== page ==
There are always exceptions to those "hard and fast" machining rules. A tripling of edge life and a 3-to-1 reduction in cutter count on a tough-cast steel milling job at Harrison Steel Castings Company (Attica, Indiana) proves this.
"For heavy roughing cuts, conventional wisdom calls for round or "button" inserts because of their stronger insert geometry," says Anthony Stanley, an Ingersoll Cutting Tools (Rockford, Illinois) application engineer, "but here, a big rectangular insert comes out on top." With the tooling switch at the full-service iron and steel foundry, a single cutter now does a job that once required three.
The key to the company's "double-triple" gain is tangential milling. The inserts lie flat around the cutter's periphery, rather than conventionally. Re-orienting the insert aligns the stronger insert axis with the main cutting-force vector.
"Picture a matchstick clamped to the edge of a table with a little bit protruding above the surface," says Mr. Stanley. "Now take a horizontal swipe at it. That unsupported protruding part snaps off because the cross section facing the brunt of the shear and bending forces is so small. However, if you lay the match down on the tabletop and clamp it, you can strike it the same way and it won't break. The match survives because the force of the blow is absorbed by the entire axial cross section of the match."
Ingersoll Cutting Tools pioneered the tangential milling concept in the 1960s. The company recently redefined its tangential milling family by incorporating a new technology referred to as "IngersollMaxline." A recent incarnation of this technology is S-Max, which encompasses face milling, slab milling and slotting applications.
The job at Harrison involved roughing and finish-milling two mounting pads on a 1 1/2-ton cast steel bulldozer frame. Each pad measures 500 square inches and requires milling off about 5/8 inch of material. As is normally the case with steel castings, the first pass is the most taxing because of the inevitable surface oxides and inclusions.
Face milling the frames, which consisted of three roughing and two finishing passes, was accomplished on a Versatech V-60 vertical CNC mill from Mazak Corp. (Florence, Kentucky). Harrison notes that it previously had to switch edges after each pass—four indexes per part—and that three separate cutters were required, one for roughing and one each for the two finishing passes. The roughing cutter at the time was a 6-inch, eight-insert face mill using round or "button" inserts. The inserts were oriented conventionally, their long axes in line with a cutter radius. With that particular cutter, according to the company, the total cycle time averages 1 hour.
"This job was always high on our list of priorities," says J.D. Gray, process control coordinator at Harrison. "When a tool salesman offers a trial with a ‘new, improved' cutter, we apply the product to this job for two reasons. Foremost, we want to fix the job. Another motive is that we get a quick assessment of the new cutter; this job has taken its toll on a good deal of cutters."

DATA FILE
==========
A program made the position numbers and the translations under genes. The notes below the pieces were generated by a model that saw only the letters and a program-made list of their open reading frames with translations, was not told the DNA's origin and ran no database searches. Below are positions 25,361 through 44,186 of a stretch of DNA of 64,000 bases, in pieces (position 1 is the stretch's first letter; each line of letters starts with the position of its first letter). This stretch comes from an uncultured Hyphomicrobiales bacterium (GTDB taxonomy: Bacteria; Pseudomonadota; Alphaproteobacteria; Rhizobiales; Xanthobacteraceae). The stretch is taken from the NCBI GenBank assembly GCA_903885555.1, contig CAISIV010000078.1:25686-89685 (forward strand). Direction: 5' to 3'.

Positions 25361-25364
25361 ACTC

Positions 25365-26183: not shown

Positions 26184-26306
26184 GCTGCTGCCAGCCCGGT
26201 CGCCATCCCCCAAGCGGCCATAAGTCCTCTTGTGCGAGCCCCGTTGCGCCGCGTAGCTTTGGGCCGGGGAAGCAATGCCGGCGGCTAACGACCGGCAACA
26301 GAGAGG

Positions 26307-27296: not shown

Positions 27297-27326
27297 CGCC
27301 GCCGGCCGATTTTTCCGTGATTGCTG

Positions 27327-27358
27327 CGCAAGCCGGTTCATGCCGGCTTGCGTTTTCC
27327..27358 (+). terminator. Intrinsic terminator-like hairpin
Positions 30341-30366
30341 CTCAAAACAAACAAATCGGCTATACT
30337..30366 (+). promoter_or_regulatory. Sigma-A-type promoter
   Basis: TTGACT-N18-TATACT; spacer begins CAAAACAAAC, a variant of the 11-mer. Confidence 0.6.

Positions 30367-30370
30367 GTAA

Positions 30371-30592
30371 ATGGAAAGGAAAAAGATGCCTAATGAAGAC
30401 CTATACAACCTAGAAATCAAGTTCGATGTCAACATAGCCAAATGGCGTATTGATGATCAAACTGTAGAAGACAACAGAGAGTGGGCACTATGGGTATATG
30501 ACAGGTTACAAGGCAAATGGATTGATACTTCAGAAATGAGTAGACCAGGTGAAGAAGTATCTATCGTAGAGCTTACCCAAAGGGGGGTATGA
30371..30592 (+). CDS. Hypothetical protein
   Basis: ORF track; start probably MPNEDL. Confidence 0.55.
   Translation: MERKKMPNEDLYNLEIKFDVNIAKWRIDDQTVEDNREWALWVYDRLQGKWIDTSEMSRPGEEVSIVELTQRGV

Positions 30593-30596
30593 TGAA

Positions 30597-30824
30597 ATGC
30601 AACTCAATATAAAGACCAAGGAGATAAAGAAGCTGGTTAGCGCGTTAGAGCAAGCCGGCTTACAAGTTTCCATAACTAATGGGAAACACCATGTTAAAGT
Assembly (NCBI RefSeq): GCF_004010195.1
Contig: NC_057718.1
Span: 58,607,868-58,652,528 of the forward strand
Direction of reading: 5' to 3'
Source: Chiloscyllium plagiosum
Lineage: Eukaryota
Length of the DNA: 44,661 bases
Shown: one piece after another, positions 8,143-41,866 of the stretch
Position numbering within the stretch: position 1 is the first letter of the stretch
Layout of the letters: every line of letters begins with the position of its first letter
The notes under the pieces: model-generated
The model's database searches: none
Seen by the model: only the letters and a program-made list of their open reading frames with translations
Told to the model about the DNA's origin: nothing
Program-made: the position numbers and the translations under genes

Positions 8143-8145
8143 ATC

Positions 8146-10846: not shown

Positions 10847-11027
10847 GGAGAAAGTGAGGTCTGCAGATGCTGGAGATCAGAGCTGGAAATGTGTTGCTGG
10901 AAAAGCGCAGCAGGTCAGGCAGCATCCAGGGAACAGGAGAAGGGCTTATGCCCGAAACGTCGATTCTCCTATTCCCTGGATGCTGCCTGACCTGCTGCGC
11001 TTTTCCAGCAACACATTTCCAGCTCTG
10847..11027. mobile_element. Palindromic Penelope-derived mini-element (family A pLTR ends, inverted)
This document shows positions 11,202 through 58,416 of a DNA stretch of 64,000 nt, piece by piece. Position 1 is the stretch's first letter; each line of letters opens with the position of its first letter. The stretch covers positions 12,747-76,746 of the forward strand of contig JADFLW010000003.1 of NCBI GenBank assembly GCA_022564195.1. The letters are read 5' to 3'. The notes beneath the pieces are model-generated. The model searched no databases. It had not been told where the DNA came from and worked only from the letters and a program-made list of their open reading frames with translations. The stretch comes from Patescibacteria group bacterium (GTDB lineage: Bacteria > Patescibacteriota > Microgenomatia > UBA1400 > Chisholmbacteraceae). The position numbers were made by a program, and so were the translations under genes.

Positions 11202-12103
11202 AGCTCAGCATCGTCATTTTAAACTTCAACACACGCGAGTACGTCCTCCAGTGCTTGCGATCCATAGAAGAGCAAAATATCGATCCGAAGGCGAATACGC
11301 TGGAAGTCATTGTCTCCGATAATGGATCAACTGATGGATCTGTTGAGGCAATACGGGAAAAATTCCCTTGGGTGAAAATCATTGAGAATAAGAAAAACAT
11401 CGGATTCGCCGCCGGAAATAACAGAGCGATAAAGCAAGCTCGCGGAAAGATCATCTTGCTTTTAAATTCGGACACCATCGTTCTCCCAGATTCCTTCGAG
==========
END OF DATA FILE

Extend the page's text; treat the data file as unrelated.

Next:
In fact, the company says it averaged one ruined cutter or blown pocket per week in milling these frames. An edge would go dull immediately. Before the worker could react, the inserts were plowing rather than cutting the metal. Cutting forces escalated instantaneously, overloading a cutter pocket or the entire cutter. Replacing the cutters was quite expensive. The operation also posed a safety hazard because of the cutter shrapnel. Every time a cutter pocket was replaced, the tool setter had to perform the tool setting sequence for the entire cutter (to bring all the round inserts into identical position with respect to data).
One day, Mr. Stanley visited Harrison. With the new S-Max face mill in hand, he was ready for a challenge. Featuring a tangential milling insert orientation, large rectangular inserts, an IN2005 carbide grade and a 45-degree lead angle, the face mill appeared promising. Using identical settings, Mr. Gray loaded it on the CNC mill for the usual trial run.
Despite the surface scale on the workpiece, the first roughing pass went well. So did the second, and then the semi-finish and finishing passes—all with the same edge. Gone were the days when indexing was required after each pass. Almost immediately, the company adopted the cutter for roughing cuts.
"With this one process change and considering all sources, we could easily meet our entire financial goal for the year, and it was only April," says team leader Mike Bossear. "All sources" includes insert and cutter cost savings, reduced labor for indexing and tool setting and lower tooling spares requirements. However, anticipated savings from speeding up the process are included in this projection.
Since the change-over, the company has manufactured scores of its '‘dozer' frames. Edges during the roughing cuts have historically lasted at least one full part, and some have lasted three to four parts. In addition, no damaged seat pockets or wrecked cutters have been reported. "We're still running the same cutter that was used in the trial test," Mr. Bossear reports. "Surprisingly, the edges were acceptable enough after roughing that they could be used again. The cutter needs no tool setting after indexing."
As a result, the company recently decided to do the semi-finish and finish cuts with the same cutter, solely changing feeds and speeds. This action naturally reduced cutter inventory requirements. "Now the process is so secure that we don't have to stock nearly as many spares in the event of tool collisions," adds Mr. Gray.
Mr. Bossear predicts that additional savings by speeding up the operation. "So far, we haven't tinkered with machining rates," he says. "Judging from the condition of the cutting edges after use, however, we'll be able to ramp things up. The previous cutters were running at their limits."